Stop before you gripe

“God whispers to us in our pleasures, speaks in our conscience, but shouts in our pain; it is His megaphone to rouse a deaf world.” - C.S. Lewis

Michelle Malkin » Stop before you gripe: "My column this week reflects on pain, compassion, gratitude, and some simple Thanksgiving advice. Feel free to share your favorite Thanksgiving traditions, recipes, and prayers here. I’m making a Thanksgiving tree with my kids. We trace their hands on colored construction paper, write down the things they’re thankful for, and tape up the tree and the hand leaves in the dining room. My kids are my greatest blessing."

Click on the heading above to read the entire column and information on the
Johnson family -- a family that has endured the worst -- from severe head
injuries in an IED attack to the loss of lives in a car crash.


Turkey Day Trivia

The first Thanksgiving feast was held in the autumn of 1621, during three days of prayer and feasting by the Pilgrims of the Plymouth Colony and their Native American guests, members of the Wampanoag tribe. However, the first national Thanksgiving Day was not celebrated until November 26, 1789, as proclaimed by George Washington.

It is said most people get very sleepy after a big Thanksgiving meal because of a sleep-inducing chemical found in turkey meat. Eating a lot of turkey at Thanksgiving is not the only thing that makes people sleepy. Although turkey meat does contain tryptophan--an amino acid which the brain turns into serotonin, a chemical that calms us down and helps us sleep--it is a combination of factors that make us sleepy after the big feast. All the carbohydrates--like potatoes, stuffing, yams, bread, and pie--are also partly to blame, as well as eating to the brim; so much digestion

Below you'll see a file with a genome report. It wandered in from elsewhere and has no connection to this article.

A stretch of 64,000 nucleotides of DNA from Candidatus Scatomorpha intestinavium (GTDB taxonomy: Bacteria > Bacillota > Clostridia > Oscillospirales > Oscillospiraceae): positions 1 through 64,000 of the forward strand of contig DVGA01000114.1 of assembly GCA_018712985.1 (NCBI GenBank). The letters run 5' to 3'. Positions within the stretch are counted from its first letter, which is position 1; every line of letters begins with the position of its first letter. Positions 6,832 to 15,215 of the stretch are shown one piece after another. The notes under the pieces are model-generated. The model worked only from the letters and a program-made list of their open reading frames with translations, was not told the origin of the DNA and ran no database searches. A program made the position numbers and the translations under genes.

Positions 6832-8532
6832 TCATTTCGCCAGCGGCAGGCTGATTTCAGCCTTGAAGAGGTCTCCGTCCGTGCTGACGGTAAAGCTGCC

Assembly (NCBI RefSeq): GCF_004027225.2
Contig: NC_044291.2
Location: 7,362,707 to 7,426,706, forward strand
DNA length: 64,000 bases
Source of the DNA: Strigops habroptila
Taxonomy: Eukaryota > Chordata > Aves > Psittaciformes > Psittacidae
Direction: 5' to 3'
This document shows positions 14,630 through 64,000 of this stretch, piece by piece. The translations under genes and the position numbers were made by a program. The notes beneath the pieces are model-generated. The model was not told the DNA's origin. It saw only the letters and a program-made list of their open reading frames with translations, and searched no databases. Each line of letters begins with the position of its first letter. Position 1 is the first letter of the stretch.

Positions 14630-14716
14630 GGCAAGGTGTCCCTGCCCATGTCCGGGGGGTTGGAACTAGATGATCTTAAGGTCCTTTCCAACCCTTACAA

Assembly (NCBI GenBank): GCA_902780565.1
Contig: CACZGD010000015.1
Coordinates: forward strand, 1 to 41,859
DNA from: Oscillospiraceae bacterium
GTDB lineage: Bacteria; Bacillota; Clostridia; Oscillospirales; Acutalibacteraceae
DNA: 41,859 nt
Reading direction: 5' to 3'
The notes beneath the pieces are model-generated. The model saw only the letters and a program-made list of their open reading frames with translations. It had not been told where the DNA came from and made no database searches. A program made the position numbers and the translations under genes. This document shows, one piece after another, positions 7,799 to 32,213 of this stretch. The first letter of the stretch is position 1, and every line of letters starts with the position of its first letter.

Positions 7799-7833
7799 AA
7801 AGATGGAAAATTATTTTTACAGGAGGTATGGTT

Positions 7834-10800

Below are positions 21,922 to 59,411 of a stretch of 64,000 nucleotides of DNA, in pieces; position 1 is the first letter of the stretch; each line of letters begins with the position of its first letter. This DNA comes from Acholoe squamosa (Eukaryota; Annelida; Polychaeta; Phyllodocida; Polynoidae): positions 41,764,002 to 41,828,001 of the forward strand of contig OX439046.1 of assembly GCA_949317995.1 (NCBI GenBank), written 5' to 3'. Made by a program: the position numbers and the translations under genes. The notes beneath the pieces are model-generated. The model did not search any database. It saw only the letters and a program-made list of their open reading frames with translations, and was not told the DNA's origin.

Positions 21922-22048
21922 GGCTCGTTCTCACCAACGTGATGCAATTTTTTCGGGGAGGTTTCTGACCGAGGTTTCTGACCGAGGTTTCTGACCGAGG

activity diverts blood from the brain to the digestive system.

The annual Macy's Thanksgiving Day Parade has become one of the most popular customs of the holiday's celebrations, attracting thousands of visitors to New York City and millions of TV viewers. Santa Claus makes an appearance at the parade's finale to signal the beginning of the Christmas shopping season?

In the mid-19th century, Godey's Lady's Book, under the leadership of editor Sarah Josepha Hale, led a long and committed campaign to establish Thanksgiving as a national holiday. Hale and her magazine succeeded when President Abraham Lincoln declared it a national holiday in 1863. Thanksgiving had previously been celebrated in New England and gradually spread to other states, but it was not always on the same day.